Tablets eat the smartphone's lunch

Stephen Pritchard

Next Wednesday, Apple is 99.99999 per cent certain to unveil its second-generation iPad. If the rumours prove to be true, the announcement can only boost sales of tablets, both to consumers and business users.

This spring looks set to bring a plethora of new tablet devices to the market, including the BlackBerry Playbook, HP's webOS tablet, and Dell's Windows 7-based device. For businesses, this gives access to a much more mature, as well as diverse, market. Good though the iPad is, companies are often reluctant to build business processes around equipment offered by just one supplier.

One reason PC suppliers such as Dell and HP have held back from entering the tablet market, though, was worries about losing sales of (relatively) high-value laptops to (relatively) low-value tablets. Apple's own sales figures, however, suggest that this danger has been overstated. The company has managed to grow Mac sales alongside launching the iPad. And data from research that is also due out next week suggest that it is smartphones, rather than PCs, that are giving way to tablets.

Initial findings from mobility services vendor iPass' quarterly Mobile Workforce Report suggests that the number of employees selecting a smartphone as their only mobile device has fallen, by 14 per cent, to 49 per cent compared with the year before. This is a greater fall than among those saying their preferred device was a laptop. And it coincides with 20 per cent of workers saying that a tablet is now their device of choice.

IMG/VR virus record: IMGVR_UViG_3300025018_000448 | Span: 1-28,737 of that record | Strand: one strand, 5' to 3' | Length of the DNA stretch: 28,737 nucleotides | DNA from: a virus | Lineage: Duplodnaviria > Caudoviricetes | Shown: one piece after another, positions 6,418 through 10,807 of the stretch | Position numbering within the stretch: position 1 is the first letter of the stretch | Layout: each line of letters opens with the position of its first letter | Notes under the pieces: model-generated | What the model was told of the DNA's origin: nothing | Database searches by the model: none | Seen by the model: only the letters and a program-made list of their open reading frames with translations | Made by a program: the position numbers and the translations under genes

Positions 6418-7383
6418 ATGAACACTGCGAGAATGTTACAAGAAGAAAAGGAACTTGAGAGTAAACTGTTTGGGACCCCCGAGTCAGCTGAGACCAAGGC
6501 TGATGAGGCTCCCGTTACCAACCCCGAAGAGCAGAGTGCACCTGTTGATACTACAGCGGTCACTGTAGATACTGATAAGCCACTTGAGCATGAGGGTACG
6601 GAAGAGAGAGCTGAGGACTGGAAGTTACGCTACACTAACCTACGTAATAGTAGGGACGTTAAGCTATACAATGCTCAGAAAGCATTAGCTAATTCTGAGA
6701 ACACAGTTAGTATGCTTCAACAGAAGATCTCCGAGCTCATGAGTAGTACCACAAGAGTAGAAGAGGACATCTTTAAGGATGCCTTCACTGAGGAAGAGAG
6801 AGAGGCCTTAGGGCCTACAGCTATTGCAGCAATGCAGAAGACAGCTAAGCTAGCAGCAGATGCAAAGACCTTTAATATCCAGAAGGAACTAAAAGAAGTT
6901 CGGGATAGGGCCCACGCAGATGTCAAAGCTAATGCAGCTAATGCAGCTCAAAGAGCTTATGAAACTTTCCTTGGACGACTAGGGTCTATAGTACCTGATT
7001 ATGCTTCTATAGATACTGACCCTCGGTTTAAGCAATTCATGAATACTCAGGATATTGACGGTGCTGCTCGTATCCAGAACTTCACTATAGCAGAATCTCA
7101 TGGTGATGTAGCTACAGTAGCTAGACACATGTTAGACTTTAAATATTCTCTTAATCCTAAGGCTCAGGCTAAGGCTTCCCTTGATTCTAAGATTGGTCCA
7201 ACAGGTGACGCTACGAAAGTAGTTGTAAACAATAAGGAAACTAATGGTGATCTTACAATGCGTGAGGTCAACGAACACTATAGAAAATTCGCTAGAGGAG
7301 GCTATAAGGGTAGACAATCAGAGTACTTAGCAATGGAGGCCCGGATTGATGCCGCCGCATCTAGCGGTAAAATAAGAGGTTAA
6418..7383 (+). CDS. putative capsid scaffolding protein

The iPass survey is worth taking seriously because it tracks the behaviour of business users who depend on their mobile devices, day in, day out. iPass provides services such as managed access to Wi-Fi hotspots for corporates, so its customers tend to work for larger enterprises, and travel extensively.

There is no direct proof, as yet, that road warriors are throwing away their smartphones and buying tablets instead. In any set of statistics, it is all to easy to confuse coincidences with causal connections. But the iPass data suggests that there is a group of "reluctant" smartphone users who really do need something for work that fills the gap between a phone and a PC. For reasons of portability, ergonomics, or cost, these employees could not really use a laptop on the road, and had to make do with a smartphone to run their applications at least until the tablets came along.

Anyone who has used a smartphone for any length of time will have hit a point perhaps when viewing several web pages, or trying to read a complex spreadsheet where a larger screen would have been invaluable. Add in tablet devices' greater processing horsepower, and it is easy to see why, for quite a few tasks, the smartphone is left behind.

But that is no reason for complacency among PC vendors. As tablets become more powerful, they will start to eat into laptop sales more and more. And IT departments will need to prepare for another wave of new devices they will have to plug in to the corporate network.

As someone at Apple said, not too long ago, this changes everything. Again.

Stephen Pritchard is a contributing editor at IT PRO.

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